Microsoft has just revealed some major changes as it pertains to the user interface of Windows 8. Gone is the popular Aero Glass theme that shipped with Windows Vista and Windows 7. It's being replaced with a flatter design that seems to match the boxy shapes that we've been seeing on the Xbox 360, Windows Phone, and the Windows RT Metro UI. It does seem to make sense, although we always thought that Aero Glass was certainly visually appealing. Microsoft says it's confident that users will find the new UI less distracting.
Within the same announcement, the company takes you back in time with a tour through various Windows interfaces, starting with the original Windows 1. Good stuff.
Read More | Building Windows 8
The 10.7.4 update is recommended for all OS X Lion users and includes general operating system fixes that improve the stability, compatibility, and security of your Mac including fixes that:
- Resolve an issue where the “Reopen windows when logging back in” setting is always enabled
- Improve compatibility with certain British third-party USB keyboards
- Address an issue that may prevent files from being saved to a server
- Improve the reliability of copying files to an SMB server
You can grab the update now by using Software Update!
Apple has just released a new OS X 10.8 Mountain Lion Developer Preview about a month after the last release. Dubbed Mountain Lion Developer Preview 3, build 12A178q is the third beta release of the company's next major desktop operating system. Developers can grab a download redemption code in the Apple Developer portal, which will be used to get the update from the Mac App Store. OS X 10.8 Mountain Lion will be publicly released late this summer, but anyone with a Mac developer account can get access to the Developer Previews immediately. Release notes after the break.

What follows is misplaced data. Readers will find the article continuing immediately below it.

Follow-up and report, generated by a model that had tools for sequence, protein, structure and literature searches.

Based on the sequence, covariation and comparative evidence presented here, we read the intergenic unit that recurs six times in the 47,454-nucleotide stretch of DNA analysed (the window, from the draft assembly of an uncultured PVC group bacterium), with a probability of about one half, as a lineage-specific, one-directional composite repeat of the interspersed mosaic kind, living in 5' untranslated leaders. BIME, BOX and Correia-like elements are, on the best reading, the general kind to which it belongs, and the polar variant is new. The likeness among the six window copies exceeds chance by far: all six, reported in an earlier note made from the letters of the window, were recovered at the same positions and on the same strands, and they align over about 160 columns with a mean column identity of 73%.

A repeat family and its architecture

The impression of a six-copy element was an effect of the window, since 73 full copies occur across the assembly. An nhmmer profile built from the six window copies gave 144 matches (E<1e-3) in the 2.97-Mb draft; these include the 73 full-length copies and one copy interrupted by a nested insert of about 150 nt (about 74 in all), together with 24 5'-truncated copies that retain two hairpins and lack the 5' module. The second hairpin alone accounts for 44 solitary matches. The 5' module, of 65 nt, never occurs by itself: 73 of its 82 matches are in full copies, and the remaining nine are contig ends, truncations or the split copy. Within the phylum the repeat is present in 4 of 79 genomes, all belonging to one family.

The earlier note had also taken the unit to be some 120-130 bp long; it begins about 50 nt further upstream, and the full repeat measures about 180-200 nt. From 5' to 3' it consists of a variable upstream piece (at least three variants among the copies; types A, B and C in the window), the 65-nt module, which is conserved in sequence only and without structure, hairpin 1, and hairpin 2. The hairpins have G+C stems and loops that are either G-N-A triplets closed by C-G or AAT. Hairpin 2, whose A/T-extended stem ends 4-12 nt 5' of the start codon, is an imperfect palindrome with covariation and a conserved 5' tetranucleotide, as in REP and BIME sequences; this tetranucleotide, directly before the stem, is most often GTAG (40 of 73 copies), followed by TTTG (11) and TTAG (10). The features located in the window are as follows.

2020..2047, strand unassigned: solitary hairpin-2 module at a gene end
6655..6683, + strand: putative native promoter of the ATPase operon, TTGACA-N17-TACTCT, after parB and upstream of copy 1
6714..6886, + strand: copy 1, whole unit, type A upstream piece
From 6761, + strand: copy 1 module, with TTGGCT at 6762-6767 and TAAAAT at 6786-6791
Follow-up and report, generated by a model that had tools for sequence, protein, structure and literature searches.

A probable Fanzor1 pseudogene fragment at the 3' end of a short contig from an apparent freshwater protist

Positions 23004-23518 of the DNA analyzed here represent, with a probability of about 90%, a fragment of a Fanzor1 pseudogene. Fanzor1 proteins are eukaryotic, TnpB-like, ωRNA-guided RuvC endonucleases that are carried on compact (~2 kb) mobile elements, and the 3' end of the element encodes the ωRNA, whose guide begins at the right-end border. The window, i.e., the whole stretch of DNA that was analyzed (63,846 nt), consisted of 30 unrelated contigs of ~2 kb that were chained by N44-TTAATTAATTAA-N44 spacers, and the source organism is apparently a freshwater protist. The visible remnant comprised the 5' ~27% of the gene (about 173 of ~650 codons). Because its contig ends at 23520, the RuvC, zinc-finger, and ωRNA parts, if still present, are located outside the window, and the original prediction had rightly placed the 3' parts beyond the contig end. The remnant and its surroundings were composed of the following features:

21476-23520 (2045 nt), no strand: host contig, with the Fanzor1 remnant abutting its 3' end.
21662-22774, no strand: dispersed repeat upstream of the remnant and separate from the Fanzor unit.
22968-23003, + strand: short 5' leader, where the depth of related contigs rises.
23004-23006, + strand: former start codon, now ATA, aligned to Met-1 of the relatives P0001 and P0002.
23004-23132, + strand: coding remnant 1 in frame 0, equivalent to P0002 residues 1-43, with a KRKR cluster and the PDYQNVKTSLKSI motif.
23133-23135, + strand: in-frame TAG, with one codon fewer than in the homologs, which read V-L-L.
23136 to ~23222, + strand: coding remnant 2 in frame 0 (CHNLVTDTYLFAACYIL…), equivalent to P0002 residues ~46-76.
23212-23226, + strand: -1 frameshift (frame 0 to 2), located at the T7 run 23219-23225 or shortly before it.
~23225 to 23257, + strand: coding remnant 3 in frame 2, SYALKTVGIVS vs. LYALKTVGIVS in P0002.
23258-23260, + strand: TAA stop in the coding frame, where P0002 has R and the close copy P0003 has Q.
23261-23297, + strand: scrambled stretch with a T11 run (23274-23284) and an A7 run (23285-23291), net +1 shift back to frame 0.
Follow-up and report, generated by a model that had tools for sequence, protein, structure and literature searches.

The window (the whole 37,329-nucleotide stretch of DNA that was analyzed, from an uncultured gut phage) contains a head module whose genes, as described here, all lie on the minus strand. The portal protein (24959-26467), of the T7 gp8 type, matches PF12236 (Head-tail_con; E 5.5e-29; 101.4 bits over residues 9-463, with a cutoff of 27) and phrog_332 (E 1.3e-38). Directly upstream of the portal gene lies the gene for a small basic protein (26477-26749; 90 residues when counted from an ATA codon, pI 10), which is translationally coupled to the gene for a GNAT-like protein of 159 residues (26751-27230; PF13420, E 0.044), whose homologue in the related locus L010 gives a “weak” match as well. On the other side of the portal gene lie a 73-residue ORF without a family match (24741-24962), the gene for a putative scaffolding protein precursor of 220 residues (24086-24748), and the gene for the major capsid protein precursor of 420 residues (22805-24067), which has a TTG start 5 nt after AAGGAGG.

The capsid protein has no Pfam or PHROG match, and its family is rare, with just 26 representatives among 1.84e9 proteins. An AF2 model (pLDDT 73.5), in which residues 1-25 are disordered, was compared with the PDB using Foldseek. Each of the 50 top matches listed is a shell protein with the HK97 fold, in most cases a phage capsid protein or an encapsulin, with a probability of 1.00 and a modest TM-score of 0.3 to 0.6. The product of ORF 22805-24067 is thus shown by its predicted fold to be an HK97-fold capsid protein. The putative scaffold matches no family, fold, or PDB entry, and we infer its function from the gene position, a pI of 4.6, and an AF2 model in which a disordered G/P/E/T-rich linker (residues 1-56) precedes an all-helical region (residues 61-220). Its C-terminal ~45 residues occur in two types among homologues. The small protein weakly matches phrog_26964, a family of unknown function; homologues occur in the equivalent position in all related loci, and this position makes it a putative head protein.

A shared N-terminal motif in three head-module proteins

Aside from unleashing the new iPad to the masses today, Apple also just released a new OS X 10.8 Mountain Lion Developer Preview. Dubbed Mountain Lion Developer Preview 2, build 12A154q is the second beta release of the company's next major desktop operating system. Developers can grab a download redemption code in the Apple Developer portal, which will be used to grab the update from the Mac App Store. OS X 10.8 Mountain Lion will be publicly released this summer.
You’ve heard the buzz and most of you have followed it and it’s finally here; Windows 8 is finally available for a public download as a Consumer Preview. But before you facepalm yourself over the instructions and long tedious Microsoft installations we’re all used too, you can breathe a sigh of relief. Why? Because no external hard-drives, DVDs or USBs are needed; all you need is an Internet connection and you’re a few steps away from running Windows 8 on your PC! Thanks to the guys over at The Verge, just follow the instructions and the process shouldn't be too bad.
Read More | The Verge